How to Lose Water Weight the Right Way
Water is crucial to health and accounts for a pretty big chunk of your body composition. In fact, the human body is made up of between 55 percent to 75 percent water. Still, water retention is a common problem and can cause issues like swelling, aches and weight gain, leading many to wonder how to lose water weight.
Learning ways to lose water weight can be tricky because there are many different causes of water retention, ranging from high sodium intake to kidney disease. If you’re holding on to excess water, you could be carrying an extra five to 10 pounds at any given time.
Some case studies have even reported on patients with up to 88 pounds of edema, or water retention, as a result of multiple health issues.
Luckily, making just a few simple lifestyle modifications can help you drop the water weight — and keep it off for good.
What Is Water Weight?
Before we can discuss how to reduce water weight, it’s important to understand what exactly water retention is and what causes it.
When you eat carbohydrates, many are converted into glucose (sugar) and used to provide energy for the cells. The leftovers are then converted into glycogen, which is stored in the liver and muscle cells.
If you need more energy later and there’s no glucose available, these glycogen stores can be quickly broken down and turned into glucose for fuel.
Glycogen holds on to a lot of water. In fact, research shows that for each gram of glycogen in storage, there are three grams of water attached to it. As you can imagine, that can add up to quite a bit of extra weight.
If you’ve ever started a new diet or workout routine and found that the pounds slid right off for the first few days, only to slow down to a screeching halt a few days later, this is because what you’ve lost initially was water weight.
Dieting or increasing your exercise routine creates an energy deficit, and when there’s not enough glucose available, your body has to pull from those glycogen stores for extra energy.
The loss of water attached to glycogen causes quick weight loss, followed by a plateau once your glycogen stores have been depleted.
How to Lose Water Weight Safely
Physical inactivity is one of the main culprits of water retention, so getting up and moving is one simple way to help reduce water weight quickly and prevent body tissues from holding on to excess water in your feet and ankles.
Of course, increasing your physical activity is a win-win, because it can also help you lose fat and build muscle too.
Exercising can also cause you to lose water weight by burning up glycogen to provide energy. Not only does this deplete the glycogen stored in your liver and muscles, but it also removes all the water that is attached to it to cause water weight loss.
This doesn’t mean you have to hit the gym twice a day to prevent water weight buildup. Any form of physical activity is helpful.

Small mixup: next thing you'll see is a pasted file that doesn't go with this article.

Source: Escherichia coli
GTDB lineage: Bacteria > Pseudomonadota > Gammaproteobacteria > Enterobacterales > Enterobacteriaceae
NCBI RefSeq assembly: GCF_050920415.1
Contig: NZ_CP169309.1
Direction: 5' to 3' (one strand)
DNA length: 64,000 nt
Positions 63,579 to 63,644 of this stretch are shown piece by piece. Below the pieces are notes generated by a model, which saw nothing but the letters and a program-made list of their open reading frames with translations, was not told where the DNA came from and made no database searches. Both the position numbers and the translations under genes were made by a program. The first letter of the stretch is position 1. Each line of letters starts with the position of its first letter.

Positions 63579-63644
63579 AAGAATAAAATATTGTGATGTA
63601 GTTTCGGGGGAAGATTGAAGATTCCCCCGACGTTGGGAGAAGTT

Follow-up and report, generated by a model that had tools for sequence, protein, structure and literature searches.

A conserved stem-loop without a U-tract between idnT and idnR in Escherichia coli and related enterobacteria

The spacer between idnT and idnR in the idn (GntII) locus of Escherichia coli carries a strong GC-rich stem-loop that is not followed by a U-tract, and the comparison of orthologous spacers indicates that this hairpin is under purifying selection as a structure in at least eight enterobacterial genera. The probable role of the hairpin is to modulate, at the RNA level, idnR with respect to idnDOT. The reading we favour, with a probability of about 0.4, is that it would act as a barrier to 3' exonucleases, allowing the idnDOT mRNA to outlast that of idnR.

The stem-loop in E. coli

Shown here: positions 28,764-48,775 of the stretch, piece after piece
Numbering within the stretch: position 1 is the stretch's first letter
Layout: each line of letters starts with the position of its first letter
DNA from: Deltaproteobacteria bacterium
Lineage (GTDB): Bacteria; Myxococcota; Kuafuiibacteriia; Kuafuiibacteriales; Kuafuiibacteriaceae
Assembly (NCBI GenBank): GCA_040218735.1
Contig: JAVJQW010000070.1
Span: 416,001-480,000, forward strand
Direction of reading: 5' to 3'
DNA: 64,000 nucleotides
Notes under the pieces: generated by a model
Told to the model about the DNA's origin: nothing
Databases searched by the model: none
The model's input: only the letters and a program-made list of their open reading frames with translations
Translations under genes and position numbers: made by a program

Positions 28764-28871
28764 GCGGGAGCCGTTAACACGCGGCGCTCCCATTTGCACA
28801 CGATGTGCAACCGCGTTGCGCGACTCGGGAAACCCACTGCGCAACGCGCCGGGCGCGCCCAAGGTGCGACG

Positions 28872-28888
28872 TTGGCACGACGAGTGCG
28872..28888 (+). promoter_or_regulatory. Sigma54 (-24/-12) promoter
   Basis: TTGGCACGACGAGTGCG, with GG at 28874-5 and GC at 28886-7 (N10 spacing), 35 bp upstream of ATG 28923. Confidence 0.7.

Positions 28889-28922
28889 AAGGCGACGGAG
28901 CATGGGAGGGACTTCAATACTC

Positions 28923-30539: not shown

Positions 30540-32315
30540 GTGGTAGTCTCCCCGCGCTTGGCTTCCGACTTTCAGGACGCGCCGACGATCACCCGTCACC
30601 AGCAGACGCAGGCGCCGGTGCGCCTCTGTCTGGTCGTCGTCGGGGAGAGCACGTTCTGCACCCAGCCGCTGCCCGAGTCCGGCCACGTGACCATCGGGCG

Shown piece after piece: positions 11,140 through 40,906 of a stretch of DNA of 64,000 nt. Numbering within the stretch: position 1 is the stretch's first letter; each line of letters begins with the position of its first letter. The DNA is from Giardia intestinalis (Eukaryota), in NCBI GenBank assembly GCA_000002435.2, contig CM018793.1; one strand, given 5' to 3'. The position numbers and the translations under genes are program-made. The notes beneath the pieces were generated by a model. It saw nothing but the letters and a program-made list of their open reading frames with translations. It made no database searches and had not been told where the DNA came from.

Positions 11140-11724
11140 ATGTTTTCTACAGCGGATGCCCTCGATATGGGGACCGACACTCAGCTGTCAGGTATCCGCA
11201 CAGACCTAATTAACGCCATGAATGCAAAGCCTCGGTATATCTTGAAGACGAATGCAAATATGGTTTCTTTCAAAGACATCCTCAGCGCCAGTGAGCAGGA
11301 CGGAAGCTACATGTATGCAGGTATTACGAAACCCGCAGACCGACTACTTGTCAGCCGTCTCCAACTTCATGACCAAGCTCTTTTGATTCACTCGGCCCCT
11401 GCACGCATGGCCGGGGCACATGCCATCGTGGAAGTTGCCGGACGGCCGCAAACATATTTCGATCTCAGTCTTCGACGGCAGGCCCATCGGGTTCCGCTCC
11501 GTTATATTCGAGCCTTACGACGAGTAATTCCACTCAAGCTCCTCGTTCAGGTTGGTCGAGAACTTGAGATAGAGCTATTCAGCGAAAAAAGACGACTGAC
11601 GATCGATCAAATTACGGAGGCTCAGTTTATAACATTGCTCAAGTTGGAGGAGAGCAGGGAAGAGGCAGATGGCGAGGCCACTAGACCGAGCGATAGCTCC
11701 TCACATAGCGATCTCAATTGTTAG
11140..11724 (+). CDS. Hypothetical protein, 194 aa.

Try some exercise hacks, like using the stairs instead of the elevator, taking a walk during your lunch break, or making sure to get up from the couch or computer for a quick stretch once an hour.
2. Monitor Your Sodium Intake
Because of the major role that sodium has in fluid regulation, decreasing your sodium intake will help reduce water retention. The most recent Dietary Guidelines for Americans recommend limiting your daily sodium intake to less than 2,300 milligrams per day, which is equal to about one teaspoon or six grams.
Surprisingly, the salt shaker isn’t the main source of sodium in the diet. In fact, an estimated 77 percent of sodium in the average diet comes from processed foods.
Foods like canned meats, cold cuts, cheeses, frozen meals, soups and savory snacks can pack in tons of added sodium.
The best way to slash sodium intake is to include mostly whole, unprocessed foods in your diet. If you do have canned or processed foods from time to time, remember to opt for low-sodium varieties whenever possible to keep sodium content to a minimum.
3. Eat Adequate Protein
Protein plays a big part in maintaining fluid balance and keeping water and salt from leaking out into the body tissues, so getting enough protein into your diet is crucial for avoiding water accumulation.
This is especially important for people on any kind of restrictive diet. Vegetarians and vegans, for example, should be especially mindful about monitoring protein intake.
So how much protein do you actually need? A good rule of thumb is to aim for one gram of protein for each kilogram of body weight. Someone who is 150 pounds, for example, weighs 68 kilograms and should try to consume at least 68 grams of protein per day.
Good sources of protein include seafood, poultry, lean cuts of beef, eggs, beans and legumes. Go for fresh meats and low-sodium varieties of canned beans to prevent high salt intake and further cut down on water retention.
4. Increase Your Potassium Intake
Much like sodium, potassium is another mineral that is involved in fluid balance and may aid in water loss by both increasing urine output and decreasing sodium levels.
In fact, one study published in the American Journal of Kidney Diseases showed that restricting potassium intake led to an increase in water retention as well as an increase in blood pressure.
It is recommended to get in at least 4,700 milligrams of potassium daily. High-potassium foods include leafy green vegetables, bananas, potatoes, avocados and tomatoes.
5. Eat More Magnesium-Rich Foods
Magnesium also helps regulate fluid balance in the body by increasing urine production, and several studies have found that raising your magnesium intake could reduce water weight.
In one study, women were supplemented with 200 milligrams of magnesium for two months, which was found to decrease premenstrual symptoms related to water retention, including weight gain, swelling and bloating.
Most adults need between 310–420 milligrams of magnesium each day. Magnesium is especially rich in leafy greens, such as spinach and chard, avocados, almonds, and black beans.
6. Stay Hydrated